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    Hey, Philip, they DO largely speak English - but it is British... most everyone learned it in high school. Since at least the mid-seventies, one or two foreign languages were mandatory. Of course, some chose Latin and Greek, but, hey, at least they had to learn one! Most choose English and French, with a bit of Italian or Spanish thrown in for good measure.

    There are quite a few people, however, that for one reason or another then do not choose to speak the languages they learned. Never could quite put my finger on what causes that, to me it is as natural to use another language as it is to get up in the mornings. It is kind of fun to go back to Germany speaking a different language (English) and seeing the difference in reaction to that vs. speaking German. There are whole HOSTS of preconceived notions that kick in... somewhat similar to here, in Texas, with people speaking Spanish vs English... [​IMG]
     
  5. Philip_G

    Philip_G Well-Known Member

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    This was not my experience. In particular the people I need to interact with the most were least likely to speak much English, taxi drivers and waiters/witresses for example. Of course everyone in my office spoke perfect English, and I had enough German to get by, perhaps our definitions of "largely" are different.
    I did find that in many cases my German was so bad I was better off pointing and using very simple English phrases however.
     
  6. Michael D. Bunting

    Michael D. Bunting Well-Known Member

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    Michael
    I was in Germany for 3 months earlier this year. I'm military, and my main base was Rhein Main, which is right smack-dab next to the Frankfurt Airport.

    My observations:

    Heidelberg is awesome...

    Sachsenhausen (old part of Frankfurt) is a lot of fun on Friday and Saturday nights. Lot's of bar's/pub's/dance clubs there...O'Dweyers is the main hangout while I'm there.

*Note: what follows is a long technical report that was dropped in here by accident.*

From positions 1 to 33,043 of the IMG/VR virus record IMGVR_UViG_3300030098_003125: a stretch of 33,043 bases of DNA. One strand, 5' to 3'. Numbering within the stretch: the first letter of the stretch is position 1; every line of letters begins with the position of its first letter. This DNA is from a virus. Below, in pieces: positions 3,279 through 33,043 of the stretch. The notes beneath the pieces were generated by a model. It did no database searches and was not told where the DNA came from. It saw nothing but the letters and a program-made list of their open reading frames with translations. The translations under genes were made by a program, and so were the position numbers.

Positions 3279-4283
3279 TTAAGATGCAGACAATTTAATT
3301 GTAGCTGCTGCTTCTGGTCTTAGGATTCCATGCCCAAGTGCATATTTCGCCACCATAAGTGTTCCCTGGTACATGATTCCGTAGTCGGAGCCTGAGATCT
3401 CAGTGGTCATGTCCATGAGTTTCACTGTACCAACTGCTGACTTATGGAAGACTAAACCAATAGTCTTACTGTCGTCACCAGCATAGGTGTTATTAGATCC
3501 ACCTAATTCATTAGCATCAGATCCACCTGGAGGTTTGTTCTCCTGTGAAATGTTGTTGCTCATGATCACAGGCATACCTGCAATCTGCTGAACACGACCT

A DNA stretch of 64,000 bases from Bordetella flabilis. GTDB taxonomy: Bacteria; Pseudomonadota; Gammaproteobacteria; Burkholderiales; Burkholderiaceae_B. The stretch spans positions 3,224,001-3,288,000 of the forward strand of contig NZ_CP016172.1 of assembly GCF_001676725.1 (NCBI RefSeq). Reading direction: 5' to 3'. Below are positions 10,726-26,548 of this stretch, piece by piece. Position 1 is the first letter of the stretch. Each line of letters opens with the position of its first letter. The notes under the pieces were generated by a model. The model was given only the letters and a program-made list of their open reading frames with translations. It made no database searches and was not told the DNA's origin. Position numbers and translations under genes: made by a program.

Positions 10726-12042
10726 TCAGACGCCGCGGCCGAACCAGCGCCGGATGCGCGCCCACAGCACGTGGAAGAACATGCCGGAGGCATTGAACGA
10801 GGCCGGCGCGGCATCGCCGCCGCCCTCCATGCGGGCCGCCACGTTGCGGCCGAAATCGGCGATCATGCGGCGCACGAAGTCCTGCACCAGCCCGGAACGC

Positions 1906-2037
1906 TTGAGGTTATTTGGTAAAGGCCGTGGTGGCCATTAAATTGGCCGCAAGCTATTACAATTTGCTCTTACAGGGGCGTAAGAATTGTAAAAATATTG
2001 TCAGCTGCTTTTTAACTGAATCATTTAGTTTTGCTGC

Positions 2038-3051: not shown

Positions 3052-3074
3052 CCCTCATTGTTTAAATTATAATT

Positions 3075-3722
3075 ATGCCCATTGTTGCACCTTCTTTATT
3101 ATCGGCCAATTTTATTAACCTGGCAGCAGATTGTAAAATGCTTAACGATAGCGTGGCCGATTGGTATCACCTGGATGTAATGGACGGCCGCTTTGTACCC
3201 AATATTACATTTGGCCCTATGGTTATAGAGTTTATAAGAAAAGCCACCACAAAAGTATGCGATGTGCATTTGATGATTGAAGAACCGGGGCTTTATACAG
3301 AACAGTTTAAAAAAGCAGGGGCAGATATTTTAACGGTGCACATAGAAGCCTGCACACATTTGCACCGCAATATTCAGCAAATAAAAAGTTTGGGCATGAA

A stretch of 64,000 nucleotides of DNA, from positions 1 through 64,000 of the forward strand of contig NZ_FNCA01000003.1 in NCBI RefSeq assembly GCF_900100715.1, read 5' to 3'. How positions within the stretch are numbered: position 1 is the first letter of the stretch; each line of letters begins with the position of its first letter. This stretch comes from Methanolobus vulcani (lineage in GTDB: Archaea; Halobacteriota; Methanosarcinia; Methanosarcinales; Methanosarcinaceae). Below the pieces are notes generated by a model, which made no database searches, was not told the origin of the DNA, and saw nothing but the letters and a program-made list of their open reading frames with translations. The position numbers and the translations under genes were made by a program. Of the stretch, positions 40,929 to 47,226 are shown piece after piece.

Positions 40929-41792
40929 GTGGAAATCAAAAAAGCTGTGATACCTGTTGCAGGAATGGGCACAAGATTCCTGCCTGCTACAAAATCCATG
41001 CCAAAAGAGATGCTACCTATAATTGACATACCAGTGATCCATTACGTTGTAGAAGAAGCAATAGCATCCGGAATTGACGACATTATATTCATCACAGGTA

Watch out for the Red Light district in Frankfurt [​IMG] Nice Gentlemen's Club there called "Pure Platinum"...or so I hear [​IMG]

    I worked a lot while I was there...so I really didn't get to do as much as I wanted...but I would go back in a heart-beat. Everything is so much more relaxed than it is here in the states...I miss that.

    I too have eaten at the "Steak on the rocks" place mentioned above...pretty good dinner. Great beer!

    Lot's of beautiful women...but I won't go into that....

    have fun...I'm trying and hoping that I'll get to go back this summer....
     
  7. Brent_H

    Brent_H Well-Known Member

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    Wow, thanks for the comments! This will certainly help me on my way to planning the itinerary for the trip. I speak no German wahtsoever and my travelling companion speaks a little..so it will be interesting. [​IMG]

    Keep the info comin!!

    Thanks.
     
  8. Dave Poehlman

    Dave Poehlman Well-Known Member

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    The thing I learned in my short stay in Germany: It's most every German's dream to go to California.

    I think it's a David Hasselhoff/Baywatch kinda thing. [​IMG]

    Frankfurt doesn't really give you a feel of the history of Germany because of its modern architecture. The city had to basically be rebuilt after WWII.

    Also, if your interested in WWII history.. try to get over to Berchtesgaden it's on the border of Austria and Germany and is much cheaper than staying in Austria. It's the home of Hitler's "Eagles Nest" which is a very interesting tour. And you can scoot across the border to see Mozart's birthplace and the oldest bar in the world in Salzburg. Oh... and also the "Sound of Music" tour... if you're into that.

    Rome is nice.. the colloseum is much smaller than it looks in the history books. Take a ride in a Roman taxi for a real thrill ride. [​IMG] Unfortunately, a lot of the tourist sites in Italy are rampant with pick-pockets and thieves.. so, be wary of your stuff. Another note about Italy... the Italian beer is not so good.. but the wine is great.. and really cheap!
     
  9. Jeff_Krueger

    Jeff_Krueger Well-Known Member

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    How long are you going to be here? Springbreak is what probably a week and a half? I'd have to recomend Munich of course there's a lot to see and you can hit up Neuschwanstein on the way to Munich or back. Plus it's only about two hours to Salzburg from Munich. Check out Prague it's really cool, you can take the night train spend two whole days in Prague and only have to pay for a hostel for one night. Spend the extra money for a sleeper car trust me.